fast driving when breaking road rec
ords in her Steams, or speeding along
in transcontinental contests, Mrs. Otis
is now doing fast work for pleasure
Mrs. Otis' husband has large quarry
interests in Grand Ligue, Quebec, and
a short time ago Mrs. Otis, then in
Buffalo, ran to Montreal, a distance of
793 miles. Though not expecting to
break any records, she set a fast pace.
Intending to take at least five or six
days—for the roads were in terrible
shape, owing to continued rains—she
made the run in less than four days.
She was actually on the road but
twenty-six hours, making her actual
running time average over thirty miles
an hour. On the way up she raced
two other cars, escaped a speed trap
and succeeded in distancing an express
train on one of the good stretches of
road. The trip was entirely free from
trouble, a single puncture causing the
Tom Carrigan and Friends in
Royal Tourist in Deer Hunt
>- L'*' v':3Wlbfc'^^wK3lWHiik\ r'*WWv^^^PKß»^B^^^^^^'^K^^T^B ■ftflffife' i' '-rL " ""^" ::■' ''-"■■■'■■■ r, ..- jj^^KV^fc^^^S^ '■'' ' h ''' '' ''■■■'■■■■L- ■-■ ■"■ ■'■■■ ■' ■' ■■ ■■ -■"■" '■"■■■■■■*.'.
Timing Will Be Done by Warner
Automatic Device, Insur
ing Accuracy
Northrup Fowler, president of the
Amateur Automobile Contest associa
tion, assures the Long Island motor
parkway that several members of his
organization are expecting to compete
In the races to be held on the motor
parkway on Saturday, July 30.
The timing will be done by Charles
H. Warner, the inventor of the War
ner automatic timing device. Instru
ments will be placed at the starting
tape near the Great Neck lodge and at
the finish, tape at the grandstand, in
suring absolute accuracy In the record
ing of the times of the cars. As close
finishes between many of the com
petitors are expected, the use of this
Instrument seems absolutely essential,
because of the fact that the time can
be. recorded in hundredths of one sec
ond. Mr. Warner will be assisted In
the timing by W. C. Poertner, Arthur
Interiden and H. H. Nipper. Special
telephone service between the starting
point and the grandstand will be In
stalled, permitting of continuous com
munication between ' these points.
Flagmen will be stationed at 'fre
quent intervals along the parkway,' In
order that contestants may be warned
of any trouble which may arise,during
the contest. The grandstand .of the I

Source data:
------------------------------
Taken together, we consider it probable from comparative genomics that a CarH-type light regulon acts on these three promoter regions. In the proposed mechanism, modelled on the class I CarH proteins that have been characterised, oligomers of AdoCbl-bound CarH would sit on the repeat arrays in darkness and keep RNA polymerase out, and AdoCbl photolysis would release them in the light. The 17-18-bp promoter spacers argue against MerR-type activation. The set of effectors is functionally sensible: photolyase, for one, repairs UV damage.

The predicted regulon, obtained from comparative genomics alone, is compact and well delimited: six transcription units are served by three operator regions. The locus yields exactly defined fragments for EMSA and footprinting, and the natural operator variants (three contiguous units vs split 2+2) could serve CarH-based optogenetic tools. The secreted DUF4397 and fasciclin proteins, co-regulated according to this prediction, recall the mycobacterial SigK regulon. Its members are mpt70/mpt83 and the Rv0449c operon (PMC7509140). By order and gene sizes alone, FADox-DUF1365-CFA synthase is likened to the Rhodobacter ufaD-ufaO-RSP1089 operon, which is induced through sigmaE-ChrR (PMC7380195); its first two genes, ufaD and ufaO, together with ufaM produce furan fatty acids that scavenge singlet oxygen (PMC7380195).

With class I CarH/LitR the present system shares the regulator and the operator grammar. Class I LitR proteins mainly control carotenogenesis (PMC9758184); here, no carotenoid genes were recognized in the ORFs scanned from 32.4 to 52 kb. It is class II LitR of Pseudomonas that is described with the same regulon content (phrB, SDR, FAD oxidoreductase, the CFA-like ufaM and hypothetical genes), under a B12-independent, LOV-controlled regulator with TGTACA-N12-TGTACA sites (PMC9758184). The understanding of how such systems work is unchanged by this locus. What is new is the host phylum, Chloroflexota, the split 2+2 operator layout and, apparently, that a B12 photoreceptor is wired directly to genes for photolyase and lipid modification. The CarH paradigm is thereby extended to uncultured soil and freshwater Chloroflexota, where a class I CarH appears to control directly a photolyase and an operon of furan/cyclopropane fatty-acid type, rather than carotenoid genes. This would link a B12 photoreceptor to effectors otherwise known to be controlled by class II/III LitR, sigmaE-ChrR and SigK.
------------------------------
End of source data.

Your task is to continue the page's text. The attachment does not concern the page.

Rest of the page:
parkway, both as to seats and boxes,
will be thrown open without reserve.
A nominal charge of $1 per person will
be made. The grandstand can be ap
proached from the south after the
races have started (by the Bethpage
turnpike, or entrance to the parkway
at any of the lodges will be possible
up to llfSO o'clock In the morning, as
the races are scheduled to start sharp
at 12 o'clock noon. A most Interest
ing afternoon Is assured.
Those who approach by way of the
parkway will be amazed at the
amount of work accomplished since
the contractors began the work of sur
facing the parkway roadway In the
late • spring. The roadway - passes
through a diversified section of coun
try, . with hills, dales, lakes and
streams, with beautiful vistas of coun
try extending to the south through
Mineola, Garden City, Hempstead and
across Hempstead Plains. The park
way between Mineola and the grand
stand passes through the aviation field
at Mineola. . „
Entrants Usually Equip the Cars
with New Set at Start
Not very often Is a set of tires called
upon to endure i more than one or two
such terrific tests as the recent Har
risburg - and Norristown endurance
runs. Entrants usually take the safe
side and equip the car with new tires
for each contest of such strenuous
character. - '■
However, according to telegrams
sent the Firestone company by the
Pullman Motor Car company, It all de
pends on the make whether the same
tires can again be entrusted with the
success of the car In Its further con
tests. *■ -■*-"-',
They advise that the identical Fire
stone tires used . by their model X in
winning class A of the 503-mile Har
risburg run and later on in the Nor
rlstown event of 320 miles were left on
the car untouched when It entered the
New York-to-Atlanta good roads tour.
The tires Justified all expectations